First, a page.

2:45 AM 1/18/2021
A decade after an outbreak of Q fever killed 95 people in the Netherlands, scientists fear the emergence of a new disease
In early 2008, Jeannette van de Ven began to see a slightly higher rate of miscarriages among the goats on her dairy farm in the south of the Netherlands.
“We sent the samples to the veterinary authority. Nine out of 10 results showed no explanation. Only maybe toxoplasmosis from cats. We had no cats,” she says.
Van de Ven, who keeps a herd of around 1,700 dairy goats in Noord-Brabant, a province densely populated with goat farms, kept sending samples. Finally, in May 2008 an outbreak of the respiratory infection Q fever was confirmed. It infects livestock including goats, sheep and cattle, and is found in placenta, amniotic fluid, urine, faeces and milk.
The disease turned into a nightmare for the Netherlands after thousands of people also became infected during the outbreak, which lasted from 2007 to 2010. The Dutch government culled more than 50,000 dairy goats on 55 farms in an effort to stop the spread of the disease.
About half of the humans infected ended up developing complications, such as heart failure, and 95 people died.
On 20 January 2020, the US saw its first confirmed coronavirus case – the beginning of a tsunami of infection that Trump failed to properly address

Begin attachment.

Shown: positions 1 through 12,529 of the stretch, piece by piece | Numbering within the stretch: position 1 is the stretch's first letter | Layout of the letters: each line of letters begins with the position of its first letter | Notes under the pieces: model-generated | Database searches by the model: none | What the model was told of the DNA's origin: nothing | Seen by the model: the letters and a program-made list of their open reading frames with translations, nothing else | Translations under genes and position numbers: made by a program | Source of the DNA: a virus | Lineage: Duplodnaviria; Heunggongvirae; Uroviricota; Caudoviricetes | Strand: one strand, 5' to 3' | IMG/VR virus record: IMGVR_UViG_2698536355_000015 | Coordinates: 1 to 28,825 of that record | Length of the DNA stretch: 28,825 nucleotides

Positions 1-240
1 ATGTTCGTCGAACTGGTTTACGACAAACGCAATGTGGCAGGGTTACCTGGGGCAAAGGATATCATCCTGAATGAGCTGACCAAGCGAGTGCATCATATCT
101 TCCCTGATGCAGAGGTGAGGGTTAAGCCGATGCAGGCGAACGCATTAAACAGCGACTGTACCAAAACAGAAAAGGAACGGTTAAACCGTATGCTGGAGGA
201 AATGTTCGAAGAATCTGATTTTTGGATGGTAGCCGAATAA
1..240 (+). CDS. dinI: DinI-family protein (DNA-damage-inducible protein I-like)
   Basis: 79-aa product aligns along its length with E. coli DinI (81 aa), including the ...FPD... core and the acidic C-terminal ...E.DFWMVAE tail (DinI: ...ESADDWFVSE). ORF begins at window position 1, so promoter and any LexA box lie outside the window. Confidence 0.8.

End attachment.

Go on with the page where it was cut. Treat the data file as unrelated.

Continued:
At around 5pm on 20 January 2020, Dr George Diaz received a call from the federal health protection agency, the Centers for Disease Control and Prevention (CDC), bearing alarming news. They had just logged a positive test for a new strain of coronavirus in a 35-year-old man who had recently returned to Washington state from Wuhan, China. CDC officials wanted to bring the patient in to Diaz’s hospital, Providence Regional medical center in Everett, outside Seattle.
Many people taking that call would have hit the panic button. The positive test was the first ever recorded in the US for this frightening new strain of disease. The virus was so novel it still had no name other than 2019-nCoV, and no one could say for sure how infectious it was, how it was transmitted and critically just how deadly it would prove to be.
Rare printing error – or creative addition by bored employee – makes 2004 banknote a collector’s item, auctioneer says
Officially, it is classified as “an obstructed printing error with retained obstruction”. In reality, it appears to be a simple slip-up.
A $20 banknote which had a sticker from a bunch of bananas attached to it before it was overprinted with security numbering is now up for auction at a Texas dealer, the rare error elevating its worth to $57,500, almost 3,000 times its face value.